You don’t need to look far through websites for sale on Flippa to find a listing that mentions potential revenue or another “forward looking” claim about the value of the website.
This is understandable and can be legitimate, given that most buyers are looking to buy websites that represent opportunity.
If a website is making money today and key drivers such as traffic, engagement and CTRs are trending upwards, it’s probably reasonable to say that potential revenue is higher than actual revenue at the time of sale.
Where this becomes a problem, however, is when these claims rely on some future event or specific activity to be undertaken by the new owner—especially when the website has no real track record of attracting customers and monetizing this traffic.
Understanding Future Events
Future Events such as the site appearing on the front page of Google, being reviewed on Oprah or going viral on Twitter are not guaranteed to happen for any given site. Furthermore, these events are extremely difficult for any site owner to control. This creates a great deal of risk which needs to be taken into account as part of any website valuation.
The fact that such a future event probably won’t occur needs to be considered prior to bidding on a website, especially when it is the basis of claims for potential revenue.
Understanding Execution Risk
Execution Risk occurs when a site’s claim to potential revenue relies on the new owner undertaking a specific set of new tasks. No matter how competent the new owner might be, undertaking these activities may not yield the claimed “potential” results—even the best companies have trouble taking something from concept through to execution (think Cuil or Google Wave).
Activities such as getting more backlinks, more Twitter followers, more Facebook friends, email campaigning and implementing affiliate/AdSense monetization are all important. However the degree to which each of these will improve the website’s revenue position is almost impossible to determine beforehand. As such, any claims that they will create a certain amount of incremental revenue per month contains execution risk.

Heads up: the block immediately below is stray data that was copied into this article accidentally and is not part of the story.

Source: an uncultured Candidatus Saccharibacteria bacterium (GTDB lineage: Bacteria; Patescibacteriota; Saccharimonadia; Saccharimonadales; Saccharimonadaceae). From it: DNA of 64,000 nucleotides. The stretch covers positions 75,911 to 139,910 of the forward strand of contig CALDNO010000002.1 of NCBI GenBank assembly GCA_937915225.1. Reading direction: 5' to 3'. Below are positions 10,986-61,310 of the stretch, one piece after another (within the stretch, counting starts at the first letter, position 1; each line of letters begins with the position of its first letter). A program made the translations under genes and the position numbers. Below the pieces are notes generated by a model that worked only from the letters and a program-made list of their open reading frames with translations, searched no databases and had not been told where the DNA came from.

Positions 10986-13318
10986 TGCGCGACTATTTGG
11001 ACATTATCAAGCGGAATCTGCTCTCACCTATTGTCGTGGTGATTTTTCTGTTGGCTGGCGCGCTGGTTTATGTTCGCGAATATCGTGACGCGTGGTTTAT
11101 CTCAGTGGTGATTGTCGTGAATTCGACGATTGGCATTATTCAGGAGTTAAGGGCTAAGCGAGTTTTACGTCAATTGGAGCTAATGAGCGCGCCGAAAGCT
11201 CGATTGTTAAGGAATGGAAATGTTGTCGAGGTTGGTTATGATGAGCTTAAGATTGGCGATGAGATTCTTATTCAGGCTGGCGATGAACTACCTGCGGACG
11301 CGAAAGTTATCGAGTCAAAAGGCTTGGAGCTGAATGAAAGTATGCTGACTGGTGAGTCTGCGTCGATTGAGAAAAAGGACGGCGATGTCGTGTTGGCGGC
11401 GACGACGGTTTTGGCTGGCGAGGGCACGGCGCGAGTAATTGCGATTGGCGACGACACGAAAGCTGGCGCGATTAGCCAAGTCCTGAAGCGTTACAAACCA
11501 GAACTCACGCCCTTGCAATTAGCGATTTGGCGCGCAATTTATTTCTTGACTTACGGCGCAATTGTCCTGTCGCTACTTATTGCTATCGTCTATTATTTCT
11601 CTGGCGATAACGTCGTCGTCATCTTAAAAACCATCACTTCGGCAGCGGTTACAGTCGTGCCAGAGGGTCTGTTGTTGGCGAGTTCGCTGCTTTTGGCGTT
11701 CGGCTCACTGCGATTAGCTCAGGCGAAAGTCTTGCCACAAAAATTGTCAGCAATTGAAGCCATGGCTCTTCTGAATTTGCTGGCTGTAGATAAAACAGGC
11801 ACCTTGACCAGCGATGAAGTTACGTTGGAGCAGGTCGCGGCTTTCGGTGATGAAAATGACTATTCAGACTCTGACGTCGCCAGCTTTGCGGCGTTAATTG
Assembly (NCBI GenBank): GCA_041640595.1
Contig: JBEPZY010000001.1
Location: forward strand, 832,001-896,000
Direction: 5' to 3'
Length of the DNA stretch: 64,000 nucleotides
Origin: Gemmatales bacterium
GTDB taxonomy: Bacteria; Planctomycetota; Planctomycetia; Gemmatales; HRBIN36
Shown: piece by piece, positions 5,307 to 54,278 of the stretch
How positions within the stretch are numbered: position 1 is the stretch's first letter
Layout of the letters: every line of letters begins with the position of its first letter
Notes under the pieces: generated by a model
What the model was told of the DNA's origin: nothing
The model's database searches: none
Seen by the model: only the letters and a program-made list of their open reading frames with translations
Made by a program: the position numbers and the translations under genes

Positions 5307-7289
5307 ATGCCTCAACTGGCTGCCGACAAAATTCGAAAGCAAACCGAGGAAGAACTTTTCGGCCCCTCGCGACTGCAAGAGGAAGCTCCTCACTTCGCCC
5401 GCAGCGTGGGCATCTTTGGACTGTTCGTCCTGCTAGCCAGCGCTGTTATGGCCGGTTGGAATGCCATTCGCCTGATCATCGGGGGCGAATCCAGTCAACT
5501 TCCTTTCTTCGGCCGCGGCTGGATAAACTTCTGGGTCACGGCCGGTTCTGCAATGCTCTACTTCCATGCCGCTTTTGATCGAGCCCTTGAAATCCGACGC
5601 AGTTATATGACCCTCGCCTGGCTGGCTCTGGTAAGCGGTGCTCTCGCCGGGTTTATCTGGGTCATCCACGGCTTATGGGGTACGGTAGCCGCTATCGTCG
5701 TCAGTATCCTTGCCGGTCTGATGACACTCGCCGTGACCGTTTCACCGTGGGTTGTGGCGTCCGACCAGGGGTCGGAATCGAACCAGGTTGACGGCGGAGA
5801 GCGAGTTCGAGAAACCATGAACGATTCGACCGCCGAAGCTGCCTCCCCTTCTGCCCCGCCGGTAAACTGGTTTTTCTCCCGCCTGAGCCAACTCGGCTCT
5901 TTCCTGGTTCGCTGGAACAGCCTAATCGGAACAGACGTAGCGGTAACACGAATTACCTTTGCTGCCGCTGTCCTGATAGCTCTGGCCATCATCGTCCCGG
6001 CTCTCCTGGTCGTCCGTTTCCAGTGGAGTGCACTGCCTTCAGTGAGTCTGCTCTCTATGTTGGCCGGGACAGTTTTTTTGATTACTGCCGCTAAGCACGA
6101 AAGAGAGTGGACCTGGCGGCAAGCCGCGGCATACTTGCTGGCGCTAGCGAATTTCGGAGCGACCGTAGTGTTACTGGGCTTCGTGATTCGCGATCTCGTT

Naturally the execution risk rapidly increases with the complexity of the set of required tasks—adding Google AdSense is easier to nail than getting backlinks from a major site such as CNN.com or adding major new technical functionality to an existing website.
To address website buyers’ concerns regarding the reliability of potential revenue, a number of sellers have begun offering revenue “guarantees”.
Examples might include a refund if a site does not meet revenue expectations.
Any buyer looking to purchase a website based on such a guarantee needs to understand what is being refunded (ie purchase amount as well as Flippa buyer success fees?), the conditions for the refund to be claimed (eg if website does not generate $100 in the first month) and the conditions being placed on the buyer (eg guarantee is voided if buyer changes hosting service).
Also keep in mind that any guarantee is only any good if it can be enforced. Flippa can’t stand behind these guarantees so, assuming the worst happens, you won’t have any obvious channel to help you get your money back.
As with the age-old wisdom that a bird in the hand is worth two in the bush, so it is when buying a website where actual revenue is a much greater indicator of value than any claimed “potential” revenue.
Flippa’s terms of service are extremely strong on ensuring a clear distinction between potential and actual revenue. We act swiftly on any listings where we learn of the seller not making this distinction clear or where claimed revenue is found to be bogus.
Where the revenue is potential, buyers need to conduct intensive due diligence on the strength of the statements being made. This includes understanding the traffic volumes, CTRs and sales metrics required for potential revenue figures to be achieved.
As for “guarantees”, be wary of both accepting and providing them. We won’t be able to enforce a guarantee—so don’t make buying decisions based on these potentially empty words.
And for sellers. Providing guarantees leaves you open to buyers complaining that you’re not following through. If we can see that you’ve provided a guarantee, and the buyer is complaining, you’re likely to get a black mark against your name. Don’t provide guarantees unless you’re really sure all your customers are 100% happy, all the time.
How do you treat “potential revenue” when buying a website? Have you ever bought a website with potential revenue and seen it fully realized? Have you bought a website with a revenue “guarantee” and how has it worked for you? Let us know in the comments below.
Image: renjith krishnan